Britain's refusal to pay a £50 billion Brexit divorce bill could have an unexpected negative impact on the EU

LONDON — Ratings agency Standard & Poor’s has warned that the European Union’s credit rating could be at risk of downgrades if the United Kingdom refuses to pay a Brexit divorce bill of up to €60 billion.

“The European Union ratings could come under pressure in an adverse scenario,” an S&P report cited by the Daily Telegraph says.

“This is because our ratings on the EU are to a certain extent predicated on our expectation that the UK would honour its share of financial obligations to the EU,” it continues.

Britain’s payment, or lack thereof, of the so-called “divorce bill” has so far proved to be one of the biggest sticking points surrounding Brexit. Not only do EU officials want Britain to hand over much more than Britain would like to, the bloc’s key negotiators are insisting that a settlement is reached before any other section of Brexit talks can begin.

Standard and Poor’s warning is likely to make the EU even more steadfast in this area.

As it stands, Britain is expected to be hit with a bill of roughly £51 billion, which will effectively be a means of settling all its outstanding liabilities with the European Union.

The British government has said that it will pay a settlement to the 27-nation bloc, but believes the amount demanded by the EU is too high. In March, leaked documents obtained by Dutch magazine De Volkskrant suggested that the EU would consider taking the UK to court if the two sides don’t agree on the bill.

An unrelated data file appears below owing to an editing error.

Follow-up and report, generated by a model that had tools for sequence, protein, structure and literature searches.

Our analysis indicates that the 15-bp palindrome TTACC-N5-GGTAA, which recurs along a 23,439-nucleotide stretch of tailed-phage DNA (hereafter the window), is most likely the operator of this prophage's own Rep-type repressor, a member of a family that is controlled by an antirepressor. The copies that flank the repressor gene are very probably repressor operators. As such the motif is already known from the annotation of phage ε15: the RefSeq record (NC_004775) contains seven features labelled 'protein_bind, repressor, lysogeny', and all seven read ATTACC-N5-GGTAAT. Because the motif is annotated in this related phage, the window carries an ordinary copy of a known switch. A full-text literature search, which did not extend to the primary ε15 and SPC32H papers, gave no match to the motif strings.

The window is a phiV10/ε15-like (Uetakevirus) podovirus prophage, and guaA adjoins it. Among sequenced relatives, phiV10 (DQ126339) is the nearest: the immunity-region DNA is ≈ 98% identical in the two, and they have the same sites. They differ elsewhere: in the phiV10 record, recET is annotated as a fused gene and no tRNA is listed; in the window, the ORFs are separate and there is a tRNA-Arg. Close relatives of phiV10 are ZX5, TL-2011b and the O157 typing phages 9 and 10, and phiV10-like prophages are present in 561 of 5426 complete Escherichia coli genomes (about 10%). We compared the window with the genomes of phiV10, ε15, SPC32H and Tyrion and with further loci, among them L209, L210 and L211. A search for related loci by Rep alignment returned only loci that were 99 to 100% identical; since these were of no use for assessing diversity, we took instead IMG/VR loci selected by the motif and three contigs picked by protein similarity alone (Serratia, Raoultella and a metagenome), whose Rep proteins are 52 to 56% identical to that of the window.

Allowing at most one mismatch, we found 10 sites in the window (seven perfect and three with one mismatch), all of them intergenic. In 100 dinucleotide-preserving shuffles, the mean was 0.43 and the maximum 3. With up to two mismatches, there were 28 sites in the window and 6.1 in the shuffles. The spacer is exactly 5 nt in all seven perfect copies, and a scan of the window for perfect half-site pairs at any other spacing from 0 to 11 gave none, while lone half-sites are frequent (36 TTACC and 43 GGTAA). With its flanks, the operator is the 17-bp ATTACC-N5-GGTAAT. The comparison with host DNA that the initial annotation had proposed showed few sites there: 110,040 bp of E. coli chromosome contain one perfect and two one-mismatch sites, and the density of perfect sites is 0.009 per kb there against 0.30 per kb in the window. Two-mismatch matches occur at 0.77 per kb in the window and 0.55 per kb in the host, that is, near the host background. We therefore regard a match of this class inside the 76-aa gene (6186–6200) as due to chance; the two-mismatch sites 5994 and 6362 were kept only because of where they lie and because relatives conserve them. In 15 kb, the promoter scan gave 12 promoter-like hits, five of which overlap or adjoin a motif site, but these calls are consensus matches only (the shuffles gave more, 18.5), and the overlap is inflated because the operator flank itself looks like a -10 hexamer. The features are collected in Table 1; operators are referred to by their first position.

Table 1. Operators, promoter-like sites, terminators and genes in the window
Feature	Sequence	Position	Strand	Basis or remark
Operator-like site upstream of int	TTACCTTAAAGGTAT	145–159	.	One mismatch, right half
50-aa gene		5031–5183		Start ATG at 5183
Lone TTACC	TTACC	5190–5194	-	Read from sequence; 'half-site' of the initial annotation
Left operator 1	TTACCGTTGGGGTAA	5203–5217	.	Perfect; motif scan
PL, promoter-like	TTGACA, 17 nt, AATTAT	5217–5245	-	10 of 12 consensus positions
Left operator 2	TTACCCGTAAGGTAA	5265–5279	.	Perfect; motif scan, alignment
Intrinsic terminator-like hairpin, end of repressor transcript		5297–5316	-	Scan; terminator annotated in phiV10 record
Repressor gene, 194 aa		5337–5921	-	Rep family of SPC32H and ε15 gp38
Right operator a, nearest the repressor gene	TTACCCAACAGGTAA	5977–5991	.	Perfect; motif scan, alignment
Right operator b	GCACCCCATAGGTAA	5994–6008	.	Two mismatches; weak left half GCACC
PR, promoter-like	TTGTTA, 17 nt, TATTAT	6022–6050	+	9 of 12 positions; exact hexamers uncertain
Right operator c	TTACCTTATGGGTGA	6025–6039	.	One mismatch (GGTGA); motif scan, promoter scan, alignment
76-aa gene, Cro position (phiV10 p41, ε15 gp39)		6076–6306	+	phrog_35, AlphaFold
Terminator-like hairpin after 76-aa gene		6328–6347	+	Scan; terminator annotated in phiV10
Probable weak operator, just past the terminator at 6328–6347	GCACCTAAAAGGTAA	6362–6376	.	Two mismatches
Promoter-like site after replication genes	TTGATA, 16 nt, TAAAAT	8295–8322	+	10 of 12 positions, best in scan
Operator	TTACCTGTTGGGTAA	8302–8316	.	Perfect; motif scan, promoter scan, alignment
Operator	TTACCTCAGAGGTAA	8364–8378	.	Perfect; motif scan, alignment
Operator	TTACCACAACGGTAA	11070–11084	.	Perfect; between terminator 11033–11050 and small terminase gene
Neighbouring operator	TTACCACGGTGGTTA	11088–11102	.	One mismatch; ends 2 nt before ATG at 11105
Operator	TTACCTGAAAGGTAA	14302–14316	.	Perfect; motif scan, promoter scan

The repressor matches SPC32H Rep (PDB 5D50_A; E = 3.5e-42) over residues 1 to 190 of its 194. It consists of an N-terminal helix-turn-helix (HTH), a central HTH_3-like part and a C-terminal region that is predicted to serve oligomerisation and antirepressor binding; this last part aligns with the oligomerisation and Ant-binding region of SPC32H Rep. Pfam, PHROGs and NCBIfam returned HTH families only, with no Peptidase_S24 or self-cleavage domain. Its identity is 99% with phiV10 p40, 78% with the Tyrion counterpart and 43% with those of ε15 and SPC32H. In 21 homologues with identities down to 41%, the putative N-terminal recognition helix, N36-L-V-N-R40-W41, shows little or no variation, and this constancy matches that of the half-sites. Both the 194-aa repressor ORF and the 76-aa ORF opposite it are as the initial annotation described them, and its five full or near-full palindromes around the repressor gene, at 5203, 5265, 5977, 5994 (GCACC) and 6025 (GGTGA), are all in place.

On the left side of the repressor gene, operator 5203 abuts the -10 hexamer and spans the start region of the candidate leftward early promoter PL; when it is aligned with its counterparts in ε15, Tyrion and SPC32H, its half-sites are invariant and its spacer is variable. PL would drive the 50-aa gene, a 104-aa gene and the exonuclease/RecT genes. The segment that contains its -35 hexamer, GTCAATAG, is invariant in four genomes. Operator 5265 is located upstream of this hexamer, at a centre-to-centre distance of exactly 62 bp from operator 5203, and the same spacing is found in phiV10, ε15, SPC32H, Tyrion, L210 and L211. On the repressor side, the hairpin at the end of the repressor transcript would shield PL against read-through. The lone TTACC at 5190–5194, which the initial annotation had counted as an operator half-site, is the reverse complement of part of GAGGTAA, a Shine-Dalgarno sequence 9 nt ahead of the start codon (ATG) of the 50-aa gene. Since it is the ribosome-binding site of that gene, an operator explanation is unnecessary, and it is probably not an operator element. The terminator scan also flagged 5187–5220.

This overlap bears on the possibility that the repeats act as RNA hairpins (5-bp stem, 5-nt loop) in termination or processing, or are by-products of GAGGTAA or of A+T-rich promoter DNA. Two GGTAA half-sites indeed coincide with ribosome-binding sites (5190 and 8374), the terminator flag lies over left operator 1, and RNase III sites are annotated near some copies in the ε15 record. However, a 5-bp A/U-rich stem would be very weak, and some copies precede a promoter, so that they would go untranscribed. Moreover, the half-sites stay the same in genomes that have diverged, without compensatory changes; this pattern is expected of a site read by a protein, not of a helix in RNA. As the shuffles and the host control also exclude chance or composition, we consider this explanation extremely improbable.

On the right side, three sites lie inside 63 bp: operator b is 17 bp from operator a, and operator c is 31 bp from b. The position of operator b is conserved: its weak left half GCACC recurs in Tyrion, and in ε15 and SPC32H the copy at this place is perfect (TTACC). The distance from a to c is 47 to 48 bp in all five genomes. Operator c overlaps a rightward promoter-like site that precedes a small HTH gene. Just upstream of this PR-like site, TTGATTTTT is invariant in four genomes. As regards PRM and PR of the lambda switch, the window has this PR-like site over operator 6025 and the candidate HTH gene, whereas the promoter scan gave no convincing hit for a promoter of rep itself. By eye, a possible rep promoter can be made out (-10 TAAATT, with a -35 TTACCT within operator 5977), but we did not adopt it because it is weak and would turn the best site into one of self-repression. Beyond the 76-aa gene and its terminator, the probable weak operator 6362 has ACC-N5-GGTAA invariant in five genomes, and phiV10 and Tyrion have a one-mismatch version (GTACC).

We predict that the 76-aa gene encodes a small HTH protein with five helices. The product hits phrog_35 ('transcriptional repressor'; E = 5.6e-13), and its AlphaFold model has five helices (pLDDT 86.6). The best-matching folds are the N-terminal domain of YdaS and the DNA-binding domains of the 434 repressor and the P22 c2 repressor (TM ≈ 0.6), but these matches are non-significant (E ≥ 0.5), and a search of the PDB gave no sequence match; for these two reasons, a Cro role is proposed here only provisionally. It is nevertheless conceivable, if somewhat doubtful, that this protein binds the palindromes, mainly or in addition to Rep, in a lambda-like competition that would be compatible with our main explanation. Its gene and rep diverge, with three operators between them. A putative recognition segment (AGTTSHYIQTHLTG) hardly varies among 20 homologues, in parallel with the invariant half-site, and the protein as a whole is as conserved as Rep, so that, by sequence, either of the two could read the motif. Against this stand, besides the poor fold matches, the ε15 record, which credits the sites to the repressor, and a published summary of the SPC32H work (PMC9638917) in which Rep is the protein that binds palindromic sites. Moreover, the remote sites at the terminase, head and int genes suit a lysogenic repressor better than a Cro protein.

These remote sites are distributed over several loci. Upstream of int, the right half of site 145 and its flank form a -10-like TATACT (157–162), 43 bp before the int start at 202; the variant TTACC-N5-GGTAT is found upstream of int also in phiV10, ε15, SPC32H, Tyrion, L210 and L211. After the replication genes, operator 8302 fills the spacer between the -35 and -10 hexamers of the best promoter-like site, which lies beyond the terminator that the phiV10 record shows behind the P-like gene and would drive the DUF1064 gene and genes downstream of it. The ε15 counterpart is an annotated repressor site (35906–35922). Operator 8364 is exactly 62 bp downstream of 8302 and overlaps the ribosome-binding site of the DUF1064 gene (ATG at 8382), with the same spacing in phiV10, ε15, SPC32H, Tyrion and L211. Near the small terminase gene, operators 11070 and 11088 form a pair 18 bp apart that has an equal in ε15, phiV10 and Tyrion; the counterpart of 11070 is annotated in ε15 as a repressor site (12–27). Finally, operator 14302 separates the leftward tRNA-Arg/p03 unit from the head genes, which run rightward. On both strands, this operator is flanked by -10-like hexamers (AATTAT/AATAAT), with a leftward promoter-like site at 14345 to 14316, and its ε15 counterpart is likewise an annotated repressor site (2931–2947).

The EU’s chief Brexit negotiator Michel Barnier will tell British government to hand over the cash once talks formally begin, but is said to be expecting talks about the bill to take up as much as a quarter of the Article 50 period.

“He thinks we will be discussing money and acquired rights [of expatriate citizens] until December,” a “senior eurozone official” who is in contact with Barnier told the Financial Times in late February.

“No trade, nothing about the future, just the past.”

Currently, the EU has an AA credit rating, the second highest awarded by S&P. It previously sat in the highest AAA tranche, but was downgraded soon after Britain voted to leave the EU.

“After the decision by the UK electorate to leave the EU,” S&P said at the end of June 2016, “we have reassessed our opinion of cohesion within the EU, which we now consider to be a neutral rather than positive rating factor.”

A ratings downgrade would not merely be a symbolic gesture from S&P, but would also materially impact the EU’s ability to access financing. The lower a country’s credit rating is, the higher rates it must generally pay when accessing debt in the markets.

It can also become more difficult to find entities willing to provide funding, although even if the EU were to be downgraded to an A rating, it would still be considered to have a “strong” ability and commitment to repay its debts.

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